Analyzing Bo Nix's Message to Broncos Country as Training Camp Approaches

Bo Nix is only a couple of weeks out from being able to meet and greet Denver Broncos fans in attendance at training camp.
Denver Broncos rookie quarterback Bo Nix.
Denver Broncos rookie quarterback Bo Nix. / Ben Swanson/Denver Broncos

Bo Nix is coming off an impressive first offseason training program with the Denver Broncos. After hearing his name called with the 12th pick in the 2024 NFL draft, Nix arrived in the Mile High City, and consistently showed himself to be as advertised.

But before Nix had even donned an Orange and Blue jersey for the first time, he had an interesting message for Broncos Country—a fanbase that, on one hand, has experienced a lot of success over the decades while, on the other, has suffered eight straight playoff-less seasons.

"[The] fans are incredible. They put so much effort to watch us succeed," Nix said on April 26. "Everyone that is a part of the organization, that’s what our goal is."

The Broncos are trying to win games. If they win games, the Broncos increase the likelihood of making it to the playoffs. If they make the playoffs, the team's odds of appearing in and winning a Super Bowl skyrocket.

That's the ultimate goal. And it just so happens to be one that is shared by Broncos Country. In that sense, when Nix talks about Broncos fans and their Mile-High expectations for the team, everyone — from player to coach to front office — is rowing in the same direction.

Nix's remarks to the fans immediately after being drafted are a good harbinger of what the near future could hold for the Broncos. He spent the offseason learning, assimilating the scheme, getting to know his new teammates, and competing.

Soon, Nix will join his teammates for a rendezvous at 'Compete Street' — which is what the signage hanging over the Broncos' practice field read when the rookie first arrived. That's where the next chapter of his NFL story begins. In order for him to satisfy the fans and the team's expectations, he's got to out-compete a pair of veterans and win the Broncos' QB1 job.

"I’m excited to go out there and compete," Nix said. "I saw the sign out there on the practice field that says, ‘Compete Street.’ I think that’s the best thing that you can have going out to the practice field because that’s all you’re doing. You just compete and compete to be the best for yourself because when you put your team together—it’s a team game."

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Nix has had to overcome one obstacle after another to make it to the Broncos by way of the draft's first round. That's the way it goes for any successful individual, and it's all the more true for athletes.

Without failure, and the lessons it teaches, success would not be possible. As NBA legend Michael Jordan once said, "I've missed more than 9,000 shots in my career. I've lost almost 300 games. 26 times, I've been trusted to take the game-winning shot and missed. I've failed over and over and over again in my life, and that is why I succeed."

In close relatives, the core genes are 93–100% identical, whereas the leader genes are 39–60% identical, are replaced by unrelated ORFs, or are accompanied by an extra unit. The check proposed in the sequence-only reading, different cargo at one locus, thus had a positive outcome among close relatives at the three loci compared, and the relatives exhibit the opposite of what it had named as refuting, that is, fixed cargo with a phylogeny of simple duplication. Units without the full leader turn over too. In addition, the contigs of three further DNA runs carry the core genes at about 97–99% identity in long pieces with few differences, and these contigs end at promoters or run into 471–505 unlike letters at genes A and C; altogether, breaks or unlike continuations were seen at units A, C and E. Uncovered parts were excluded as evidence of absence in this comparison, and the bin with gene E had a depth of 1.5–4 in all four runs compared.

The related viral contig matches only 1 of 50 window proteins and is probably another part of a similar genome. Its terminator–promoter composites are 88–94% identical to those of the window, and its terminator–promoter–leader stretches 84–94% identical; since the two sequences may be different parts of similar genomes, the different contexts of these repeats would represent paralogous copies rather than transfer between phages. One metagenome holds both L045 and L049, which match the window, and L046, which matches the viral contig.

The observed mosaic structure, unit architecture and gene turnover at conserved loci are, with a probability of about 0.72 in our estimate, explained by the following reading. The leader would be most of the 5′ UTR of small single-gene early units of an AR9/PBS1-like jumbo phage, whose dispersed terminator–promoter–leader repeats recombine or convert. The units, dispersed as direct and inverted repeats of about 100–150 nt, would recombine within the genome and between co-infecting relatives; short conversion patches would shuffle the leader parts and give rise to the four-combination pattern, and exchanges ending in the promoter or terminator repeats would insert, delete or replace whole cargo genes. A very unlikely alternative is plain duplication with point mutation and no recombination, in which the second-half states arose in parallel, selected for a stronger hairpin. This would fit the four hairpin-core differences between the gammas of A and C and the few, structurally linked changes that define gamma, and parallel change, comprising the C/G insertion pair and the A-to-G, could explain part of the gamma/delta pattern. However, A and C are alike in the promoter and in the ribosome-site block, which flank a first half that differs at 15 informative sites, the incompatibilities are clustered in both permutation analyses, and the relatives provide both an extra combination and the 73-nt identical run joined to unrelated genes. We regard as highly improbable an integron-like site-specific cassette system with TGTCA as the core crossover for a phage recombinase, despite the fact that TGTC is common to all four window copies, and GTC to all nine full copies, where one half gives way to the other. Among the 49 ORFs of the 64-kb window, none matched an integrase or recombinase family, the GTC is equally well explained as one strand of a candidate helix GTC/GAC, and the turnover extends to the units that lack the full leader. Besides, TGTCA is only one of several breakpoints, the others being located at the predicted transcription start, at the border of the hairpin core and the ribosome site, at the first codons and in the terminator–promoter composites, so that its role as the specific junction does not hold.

In Nix's case, he had to overcome coaching instability at Auburn, which eventually led to his transfer to Oregon. He was supposed to be Auburn's homegrown golden boy, but the story didn't shake out that way.

Nix reinvented himself at Oregon, leading the Ducks to 22 wins, and finishing his last year as a Heisman Trophy finalist on the heels of a ridiculous 4,500-yard/45-touchdown passing campaign. Still, it wasn't enough for many NFL media draftniks, who panned Nix's stock by trying to brand him as a "system quarterback" with a noodle arm.

The Broncos did the work to analyze the veracity of such claims. As Sean Payton has recounted, the Broncos removed all of the "gimme throws" from Nix's film at Oregon (as they did for every QB they scouted), and he finished tops in all of the critical categories that make or break a signal-caller.

Payton was so geeked on Nix that he initially hatched a plan to show up at the quarterback's house to announce the pick when the Broncos planned to take him at No. 12 overall in the draft. Payton was dissuaded, ultimately, from doing that, but suffice it to say, he wasn't losing any sleep over the media backlash over Denver taking Nix at No. 12.

One of my favorite things Nix said in his introductory Broncos presser came in response to the trope about his arm strength. Yeah, he completed a lot (and I mean a lot) of those "gimme throws," but his tape was also replete with one explosive vertical pass after another.

“Quite frankly, I completed a lot of long ones, too," Nix said. "I don’t mind when people go back and watch the film. They can see everything they need to watch. That’s here and gone. I’m excited to be here now and do whatever I need to do to win games, and that’s if I’m out there playing, if I’m supporting another quarterback, whatever it is, [I will] do whatever the coaches ask of me and do it at a high level... So I’m excited, and I don’t think I have to show anything else because I’m at the perfect spot now. I just can’t wait to get to work with the team.”

You can say that again. Nix landed in just the right spot. He and Payton plan to achieve some big things together for Broncos Country. Training camp can't get here soon enough.

The cleats hit the grass on "Compete Street" on July 23.

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Chad Jensen


Chad Jensen is the Founder of Mile High Huddle and creator of the wildly popular Mile High Huddle Podcast. Chad has been on the Denver Broncos beat since 2012 and is a member of the Pro Football Writers of America.